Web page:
A good man for a crisis? Bob Odenkirk in Better Call Saul (pic Netflix)

In “Hero”, the latest episode of the new Netflix drama Better Call Saul, lawyer Jimmy McGill turns superhero as he rescues a worker dangling precariously from a giant advertising hoarding. The sweaty-palmed drama is just a stunt; Jimmy (better known to Breaking Bad fans as Saul Goodman) is after some free publicity in his ongoing battle with deep-pocketed rivals HHM. “Compared to them I’m just a kiddie lemonade stand trying to compete with Walmart,” he admits to some potential clients.

It’s great to see the brilliant Bob Odenkirk getting top billing in a show that explores the origins of the lugubrious attorney who became so integral to the criminal enterprises of Walter White and Jesse Pinkman. On the evidence of four episodes, I think I’m going to enjoy this show more than its over-hyped predecessor.

With his ingenuity, self-deprecating humour and ability to talk the hind leg off a donkey (handy when Tuco is threatening to snip off his digits) Jimmy is a relatable figure for the average viewer who knows nothing about the law. It’s his innate likeability, combined with his down-at-heel appearance, that makes him the antithesis of most TV attorneys, who look as though they’ve been gelled, waxed and groomed to within an inch of their lives.

Despite Jimmy’s episode 4 heroics in Better Call Saul, TV’s law practitioners are not usually renowned for their acts of derring-do.  Even more versatile than the likes of Superman, Spider-Man and Batman, they spin a web of arguments, run rings around the opposition (in court) and destroy evil corporations through their intricate knowledge of the legal system.

Since I was a teenager I’ve loved TV legal dramas, with their irresistible of combination of expensive tailoring, high-stakes cases and verbal pyrotechnics. It all started in the late 70s with The Paper Chase, which followed the trials and tribulations of a bunch of Harvard law students.

James T Hart (James Stephens) and his fellow students were desperate to impress the intimidating, patrician Professor Kingsfield (played by the equally intimidating John Houseman). All I remember now is the Seals and Crofts theme song and the references to Carlill v Carbolic Smoke Ball Co – a contract case that came up during my own legal studies a few years later.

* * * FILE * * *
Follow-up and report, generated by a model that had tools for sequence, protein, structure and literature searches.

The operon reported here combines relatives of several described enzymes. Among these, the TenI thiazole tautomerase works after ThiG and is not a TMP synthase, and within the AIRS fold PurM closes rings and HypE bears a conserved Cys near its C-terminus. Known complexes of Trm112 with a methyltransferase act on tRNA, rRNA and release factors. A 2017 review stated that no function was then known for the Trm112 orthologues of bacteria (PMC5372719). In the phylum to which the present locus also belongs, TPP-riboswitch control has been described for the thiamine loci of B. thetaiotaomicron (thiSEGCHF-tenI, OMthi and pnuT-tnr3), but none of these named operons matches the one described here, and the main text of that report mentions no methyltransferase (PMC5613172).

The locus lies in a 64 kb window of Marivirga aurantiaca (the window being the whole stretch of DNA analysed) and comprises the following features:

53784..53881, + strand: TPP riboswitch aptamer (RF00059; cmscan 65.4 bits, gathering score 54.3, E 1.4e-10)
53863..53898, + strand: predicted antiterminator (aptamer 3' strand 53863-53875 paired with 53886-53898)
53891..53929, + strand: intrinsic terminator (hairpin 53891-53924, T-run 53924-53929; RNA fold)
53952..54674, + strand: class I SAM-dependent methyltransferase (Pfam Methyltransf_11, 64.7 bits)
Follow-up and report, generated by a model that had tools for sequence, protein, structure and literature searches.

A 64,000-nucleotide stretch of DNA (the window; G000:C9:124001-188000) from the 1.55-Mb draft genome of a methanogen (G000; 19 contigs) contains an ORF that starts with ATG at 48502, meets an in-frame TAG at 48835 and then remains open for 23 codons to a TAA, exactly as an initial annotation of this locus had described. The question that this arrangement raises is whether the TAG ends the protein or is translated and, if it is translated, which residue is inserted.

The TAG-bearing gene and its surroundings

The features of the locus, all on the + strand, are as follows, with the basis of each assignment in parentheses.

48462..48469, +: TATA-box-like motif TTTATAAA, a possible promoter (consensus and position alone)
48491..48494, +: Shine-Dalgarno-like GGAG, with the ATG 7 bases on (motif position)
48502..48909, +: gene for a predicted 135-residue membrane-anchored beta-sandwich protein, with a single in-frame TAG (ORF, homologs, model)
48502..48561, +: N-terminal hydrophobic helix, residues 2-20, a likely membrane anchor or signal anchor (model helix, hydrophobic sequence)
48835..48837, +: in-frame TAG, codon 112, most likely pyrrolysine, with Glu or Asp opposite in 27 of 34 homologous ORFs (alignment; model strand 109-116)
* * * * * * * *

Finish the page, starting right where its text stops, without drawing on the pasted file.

I was a law student at Bristol University in the mid-80s, but by 1986 I had opted for a career in the glamorous and low-paid world of book publishing. That was just around the time that Steven Bochco’s blockbuster legal drama, L.A. Law, was beginning its eight-year run.

The shoulder-pads, big hair and criminal over-use of blusher now seem as over the top as some of the cases tackled by the firm of McKenzie, Brackman, Chaney and Kuzak. (I remember one episode – “On the Toad Again” – that focused on the narcotic secretions of a cane toad.)

I couldn’t get enough of L.A. Law’s resident Lothario/raging egotist Arnold Becker (Corbin Bersen) or the never-ending love triangle involving power-suited Michael (Harry Hamlin) and Victor (Jimmy Smits) and the lovely Grace Van Owen (Susan Dey).

In the 90s I was hooked This Life, the BBC series about a bunch of young London lawyers and barristers, who had to fit law in around their endless bickering, drinking, shagging and drug-taking.  

I can’t remember much law being practised in This Life, but I did love those movie-themed episode titles – “The Bi Who Came in From the Cold”, “Diet Hard”, “Apocalypse Wow!”. The talented but tempestuous Anna (Daniela Nardini) was one of the best female characters on TV in that decade.

When The Good Wife began in 2009 I wasn’t that excited. As Alicia Florrick, the humiliated spouse returning to her legal roots, Julianna Margulies just seemed to be giving us a slight variation on aloof nurse Carol Hathaway from ER (another show set in Cook County, Chicago). She’d swapped the philandering Dr Doug Ross (George Clooney) for the philandering and disgraced State’s Attorney Peter Florrick (Chris Noth).

But over the course of five seasons (I’ve just started watching season 6 on More4) The Good Wife has just got better and better. Creators Michelle King and Robert King have succeeded in balancing internecine warfare within Lockhart & Gardner with courtroom shenanigans (quirky judges and salacious cases involving Colin Sweeney), and the “ripped from the headlines” topicality of that NSA storyline from season 5.

All that wit and cleverness would be less satisfying if The Good Wife didn’t also have real emotional depth and complexity. Much of that is down to the nuanced performance of Julianna Margulies, who I had totally underestimated as an actress. Adroitly switching between managing her teenage kids, sparring with her estranged husband and setting up a new law firm, Alicia has become a superwoman who is mistress of her intellect and (most of the time) her emotions.

Just three weeks ago I belatedly started watching Suits on Netflix. Nine days later I’d watched all of the first two series and I’m about to order season 3, though I’ve heard it’s a bit of let-down.

Suits stars Gabriel Macht as Harvey Specter, the ferociously ambitious corporate lawyer and “closer” of deals at the Manhattan firm of Pearson Hardman. Harvey reveres vinyl (records not furniture), collects sports memorabilia and wears more hair product than all those other TV lawyers put together. Less well-groomed is his young associate, Mike Ross (Patrick J Adams), who has an eidetic memory but no law degree.